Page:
Keeping Our Heads Above Water: In Conversation With Ishita Pateria

If you’ve been struggling off late, you’re not alone. These are difficult times, and it’s only normal for us to go through the motions as we learn how to cope with yet another month of staying in. Juggling responsibilities such as working from home, ensuring our loved ones are safe and taken care of, and being exposed to negative news reels is bound to take a toll on our mental wellbeing.


Ishita Pateria, Counselling Psychologist and Founder of State of Mind - The Emotional Wellness Centre


Which is why Le Mill has reached out to Ishita Pateria, a mental health expert, to help us better navigate our lives in such a time. Pateria is the founder of State of Mind, an emotional care centre, and has helped clients deal with depression, anxiety, phobia, stress management, self esteem issues, eating disorders, grief and bereavement, and more for over a decade in her career.

“I think this year for many is a harder year to cope with than the last. Last year people had the will to work hard, do what it takes to cope. However this year, there is a looming sense of hopelessness,” says the counselling psychologist about the current scenario that we find ourselves in. While the easing of restrictions from December to March did provide some relief, the second wave has made many realise this is not the year that perhaps they thought it would be.

“Many people today are feeling guilt when they are looking after themselves, given what’s happening in the country. They feel guilty when they work, and then when they don’t,” shares Pateria. It can be tough to keep your mind from wandering, but she suggests creating things that one looks forward to as it helps us cope with everything that’s going on. We ask her questions in order to understand how we can deal with the pandemic’s pandemonium better, in the hope that it can help anyone, anywhere reading this. To all the readers out there, take a moment, breathe, and reach out when you need the help. Excerpts from the interview below:



What are some common things you’re finding people struggling with in the continuing Covid crisis in our country?

Lack of motivation, confusion, and a general low mood and even financial pressures. The inability to meet loved ones is making some feel lonely. There is fear, anger, grief, guilt and overall increased anxiety and concerns regarding that. Many are feeling stuck since there are no new experiences.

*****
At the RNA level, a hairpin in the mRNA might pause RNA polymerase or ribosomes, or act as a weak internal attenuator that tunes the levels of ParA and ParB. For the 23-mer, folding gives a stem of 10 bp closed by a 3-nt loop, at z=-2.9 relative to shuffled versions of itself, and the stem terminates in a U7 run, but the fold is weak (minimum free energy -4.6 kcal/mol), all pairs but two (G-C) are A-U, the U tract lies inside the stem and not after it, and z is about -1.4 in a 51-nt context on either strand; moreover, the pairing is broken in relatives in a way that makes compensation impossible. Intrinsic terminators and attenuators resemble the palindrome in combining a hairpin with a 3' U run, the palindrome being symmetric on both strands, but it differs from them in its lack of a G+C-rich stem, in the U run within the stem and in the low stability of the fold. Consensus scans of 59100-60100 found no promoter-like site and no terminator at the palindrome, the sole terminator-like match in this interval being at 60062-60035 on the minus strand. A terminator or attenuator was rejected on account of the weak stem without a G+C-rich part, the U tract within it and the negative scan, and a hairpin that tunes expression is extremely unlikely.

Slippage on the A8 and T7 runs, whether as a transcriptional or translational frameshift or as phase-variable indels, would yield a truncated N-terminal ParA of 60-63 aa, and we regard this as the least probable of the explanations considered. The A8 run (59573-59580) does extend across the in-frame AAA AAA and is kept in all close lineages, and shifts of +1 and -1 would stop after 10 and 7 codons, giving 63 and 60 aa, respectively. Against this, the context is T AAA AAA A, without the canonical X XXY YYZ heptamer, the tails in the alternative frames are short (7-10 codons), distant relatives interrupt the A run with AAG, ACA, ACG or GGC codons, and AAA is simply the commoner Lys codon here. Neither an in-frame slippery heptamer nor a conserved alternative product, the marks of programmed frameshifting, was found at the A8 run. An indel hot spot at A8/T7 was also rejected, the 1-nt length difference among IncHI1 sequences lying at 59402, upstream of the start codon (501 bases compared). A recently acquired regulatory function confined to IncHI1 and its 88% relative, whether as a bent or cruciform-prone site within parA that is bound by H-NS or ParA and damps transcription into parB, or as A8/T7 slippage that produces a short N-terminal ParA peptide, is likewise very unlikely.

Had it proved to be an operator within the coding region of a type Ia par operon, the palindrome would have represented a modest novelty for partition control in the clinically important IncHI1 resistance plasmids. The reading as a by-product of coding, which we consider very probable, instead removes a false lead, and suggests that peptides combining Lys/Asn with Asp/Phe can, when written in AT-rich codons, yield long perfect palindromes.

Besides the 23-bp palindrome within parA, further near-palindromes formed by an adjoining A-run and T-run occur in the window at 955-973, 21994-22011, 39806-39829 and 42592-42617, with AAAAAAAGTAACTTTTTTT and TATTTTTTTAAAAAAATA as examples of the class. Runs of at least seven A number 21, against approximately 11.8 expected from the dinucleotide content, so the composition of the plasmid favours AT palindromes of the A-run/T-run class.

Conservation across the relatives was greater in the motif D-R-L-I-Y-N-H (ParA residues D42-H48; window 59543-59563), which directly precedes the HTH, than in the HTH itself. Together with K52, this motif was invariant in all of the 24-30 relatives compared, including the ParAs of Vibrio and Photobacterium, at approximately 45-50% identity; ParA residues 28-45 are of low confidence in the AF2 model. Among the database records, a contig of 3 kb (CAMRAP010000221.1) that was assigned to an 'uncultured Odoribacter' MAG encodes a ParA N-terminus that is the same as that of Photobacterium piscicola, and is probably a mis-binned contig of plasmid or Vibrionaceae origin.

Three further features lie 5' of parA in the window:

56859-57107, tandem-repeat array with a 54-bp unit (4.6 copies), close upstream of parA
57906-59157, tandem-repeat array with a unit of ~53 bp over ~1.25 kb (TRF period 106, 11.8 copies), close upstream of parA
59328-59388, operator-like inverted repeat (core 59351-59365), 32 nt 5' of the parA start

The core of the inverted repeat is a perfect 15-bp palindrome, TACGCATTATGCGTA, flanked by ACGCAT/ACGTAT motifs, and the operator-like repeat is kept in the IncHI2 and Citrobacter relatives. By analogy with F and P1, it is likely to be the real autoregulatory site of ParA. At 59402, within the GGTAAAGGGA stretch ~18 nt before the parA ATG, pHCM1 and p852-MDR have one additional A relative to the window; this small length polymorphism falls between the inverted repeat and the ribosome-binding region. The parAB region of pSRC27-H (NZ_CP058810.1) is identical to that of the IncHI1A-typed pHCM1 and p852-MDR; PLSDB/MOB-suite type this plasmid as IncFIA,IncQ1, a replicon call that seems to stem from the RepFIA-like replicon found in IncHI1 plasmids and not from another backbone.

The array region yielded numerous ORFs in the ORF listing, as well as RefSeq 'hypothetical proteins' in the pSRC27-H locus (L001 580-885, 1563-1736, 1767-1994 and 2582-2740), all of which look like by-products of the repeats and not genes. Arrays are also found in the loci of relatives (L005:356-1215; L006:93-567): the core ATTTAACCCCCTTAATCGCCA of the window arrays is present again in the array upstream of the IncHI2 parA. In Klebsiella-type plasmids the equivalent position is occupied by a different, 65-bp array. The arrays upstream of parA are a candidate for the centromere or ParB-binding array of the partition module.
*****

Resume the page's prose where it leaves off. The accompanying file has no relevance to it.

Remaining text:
How do you advise clients to navigate uncertainty? Any hacks or mantras to deal with covid-induced anxieties?

The idea of uncertainty is hard to deal with, therefore it is important to give yourself and your life as much control as you can. Think covid sanitisation, our routine, our goals, our personal wellbeing. Mindfulness techniques are extremely helpful as it helps us see the current as something that may be in our control, rather than the future which isn’t.



For the parents out there… do you have any counselling or guidance on how they can navigate Zoom-school, their jobs and family expectations? How can one manage these distinct areas of one’s life without crumbling?

The first thing to keep in mind is that it is alright to feel overwhelmed, or to feel that you are crumbling, because it is a lot and it’s been going on for a long time. Create a practical routine which accommodates various responsibilities and take out time whenever you can for yourself. We need to recognise our boundaries and limitations on how much we can do and cannot. Lastly, ask for help accordingly.


As an individual what are some practices that can help us feel grounded or in sync with ourselves while we feel the pressure to provide for and worry about our loved ones?

In order to be able to help others, you need to take care of yourself first. Doing a mindfulness check exercise every morning to see how your family is doing is a great way to check in. It is super important to take out a certain amount of time in which each person reflects on how they are doing, and understand what is affecting them the most, so that they can get help or work on that.


How do you recommend we deal with the constant barrage of negative news surrounding us right now?

We need to create boundaries and find our balance accordingly. It cannot be either or. There is an overload of information, so one definitely must not continue exposing themselves to information all the time. Close tabs, unfollow. However, keeping your limitations in mind, see what way you can help out. It is extremely important not to compete with others and see what others are doing, but focus more on what you can do.


About Ishita Pateria:

Ishita Pateria founded State of Mind – The Emotional Centre in December 2016. She is a member of the British Psychological Society, Bombay Psychological Association and Counsellors Association of India. She has over ten years of clinical experience in the field of mental health including depression, anxiety, phobia, stress management, self esteem issues, eating disorders, couple and marriage counselling, grief/bereavement management, and more.

Ishita is an alumni of Regents College, London followed by a Master of Science in Mental Health & Psychotherapy from St. Bart’s Hospital, Queen Mary University, London, as well as a second Master of Science in Counselling Psychology from City University, London. She has also worked with the NHS in London and Jaslok Hospital in Mumbai, and is currently running her private clinic called state of mind - the Emotional Wellness Center at Chowpatty, Mumbai.


For more details,

you can email her at, call on +91 9819025226 or visit her website